Aberrant interhemispheric functional and structural connectivity in heroin-dependent individuals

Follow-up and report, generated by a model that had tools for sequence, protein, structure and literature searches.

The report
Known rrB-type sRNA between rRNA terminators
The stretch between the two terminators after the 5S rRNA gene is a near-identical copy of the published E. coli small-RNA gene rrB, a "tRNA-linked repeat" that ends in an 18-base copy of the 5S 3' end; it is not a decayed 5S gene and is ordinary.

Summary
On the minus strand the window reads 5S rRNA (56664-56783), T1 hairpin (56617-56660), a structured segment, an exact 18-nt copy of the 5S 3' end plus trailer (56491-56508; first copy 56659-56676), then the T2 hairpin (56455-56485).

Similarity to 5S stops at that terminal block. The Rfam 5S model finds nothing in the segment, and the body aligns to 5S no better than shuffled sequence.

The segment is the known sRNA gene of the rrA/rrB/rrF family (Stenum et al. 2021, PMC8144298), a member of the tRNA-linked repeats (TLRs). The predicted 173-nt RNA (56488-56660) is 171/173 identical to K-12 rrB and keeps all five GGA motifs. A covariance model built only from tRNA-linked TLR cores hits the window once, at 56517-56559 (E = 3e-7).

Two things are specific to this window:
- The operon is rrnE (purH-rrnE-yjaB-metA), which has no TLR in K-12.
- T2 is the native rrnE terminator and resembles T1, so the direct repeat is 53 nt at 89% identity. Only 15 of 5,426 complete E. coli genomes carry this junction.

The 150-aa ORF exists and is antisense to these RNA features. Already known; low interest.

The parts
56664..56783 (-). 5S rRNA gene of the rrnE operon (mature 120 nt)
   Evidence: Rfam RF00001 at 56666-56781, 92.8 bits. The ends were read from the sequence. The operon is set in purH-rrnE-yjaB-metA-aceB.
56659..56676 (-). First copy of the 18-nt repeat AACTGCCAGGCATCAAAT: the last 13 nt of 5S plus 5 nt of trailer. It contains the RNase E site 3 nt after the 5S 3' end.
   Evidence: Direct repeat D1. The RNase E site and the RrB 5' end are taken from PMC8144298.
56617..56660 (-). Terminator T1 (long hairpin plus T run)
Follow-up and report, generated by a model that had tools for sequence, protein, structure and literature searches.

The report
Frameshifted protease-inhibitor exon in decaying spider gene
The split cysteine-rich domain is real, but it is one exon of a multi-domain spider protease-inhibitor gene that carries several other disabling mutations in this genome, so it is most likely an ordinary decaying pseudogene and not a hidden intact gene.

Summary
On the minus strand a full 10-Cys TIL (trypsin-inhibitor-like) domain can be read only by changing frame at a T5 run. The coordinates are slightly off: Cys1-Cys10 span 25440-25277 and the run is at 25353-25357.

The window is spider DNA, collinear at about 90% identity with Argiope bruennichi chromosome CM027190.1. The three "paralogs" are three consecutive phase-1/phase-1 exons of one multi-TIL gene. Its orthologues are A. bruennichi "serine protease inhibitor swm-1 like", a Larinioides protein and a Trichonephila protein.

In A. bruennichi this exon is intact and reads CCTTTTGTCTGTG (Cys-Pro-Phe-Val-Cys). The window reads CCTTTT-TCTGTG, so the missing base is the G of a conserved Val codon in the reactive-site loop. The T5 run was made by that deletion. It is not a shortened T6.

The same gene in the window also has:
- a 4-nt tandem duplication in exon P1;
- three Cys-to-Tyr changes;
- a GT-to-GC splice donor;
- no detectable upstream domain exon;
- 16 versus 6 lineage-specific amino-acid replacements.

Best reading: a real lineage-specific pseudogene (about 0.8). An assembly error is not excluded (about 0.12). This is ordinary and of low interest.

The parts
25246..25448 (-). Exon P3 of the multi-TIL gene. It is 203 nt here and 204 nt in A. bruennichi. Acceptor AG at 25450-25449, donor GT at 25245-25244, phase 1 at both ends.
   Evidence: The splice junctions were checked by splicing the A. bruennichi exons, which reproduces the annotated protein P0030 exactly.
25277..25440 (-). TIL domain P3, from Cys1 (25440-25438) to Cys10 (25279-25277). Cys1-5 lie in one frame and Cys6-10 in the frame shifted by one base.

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Models of heroin addiction emphasize the role of disrupted frontostriatal circuitry supporting cognitive control processes. However, heroin addiction-related alterations in functional and structural interactions among brain regions, especially between the cerebral hemispheres, are rarely examined directly. Resting-state functional magnetic resonance imaging (fMRI) approaches, which reveal patterns of coherent spontaneous fluctuations in the fMRI signal, offer a means to quantify directly functional interactions between the hemispheres. The corpus callosum (CC), which connects homologous regions of the cortex, is the major conduit for information transfer between the cerebral hemispheres and represents a structural connectivity index between hemispheres. We compared interhemispheric voxel-mirrored homotopic connectivity (VMHC) and CC volume between 45 heroin dependent-individuals (HDIs) and 35 non-addict individuals. We observed significant reduction of VMHC in a number of regions, particularly the striatum/limbic system regions, and significant decrease in splenium and genu sub-regions of CC in HDI. Importantly, within HDI, VMHC in the dorsal lateral prefrontal cortex (DLPFC) correlated with genu CC volume, VMHC in the putamen, VMHC in the DLPFC and genu CC volume and splenium CC volume were negatively correlated with heroin duration and impulsivity traits. Further analyses demonstrated that impairment of VMHC of bilateral DLPFC partially mediated the association between genu CC volumes decreased and increased impulsivity in HDI. Our results reveal a substantial impairment of interhemispheric coordination in the HDI. Further, interhemispheric connectivity correlated with the duration of heroin abuse and higher impulsivity behavior in HDI. Our findings provide insight into a heroin addicts' related pathophysiology and reinforce an integrative view of the interhemispheric cerebral functional and structural organization.

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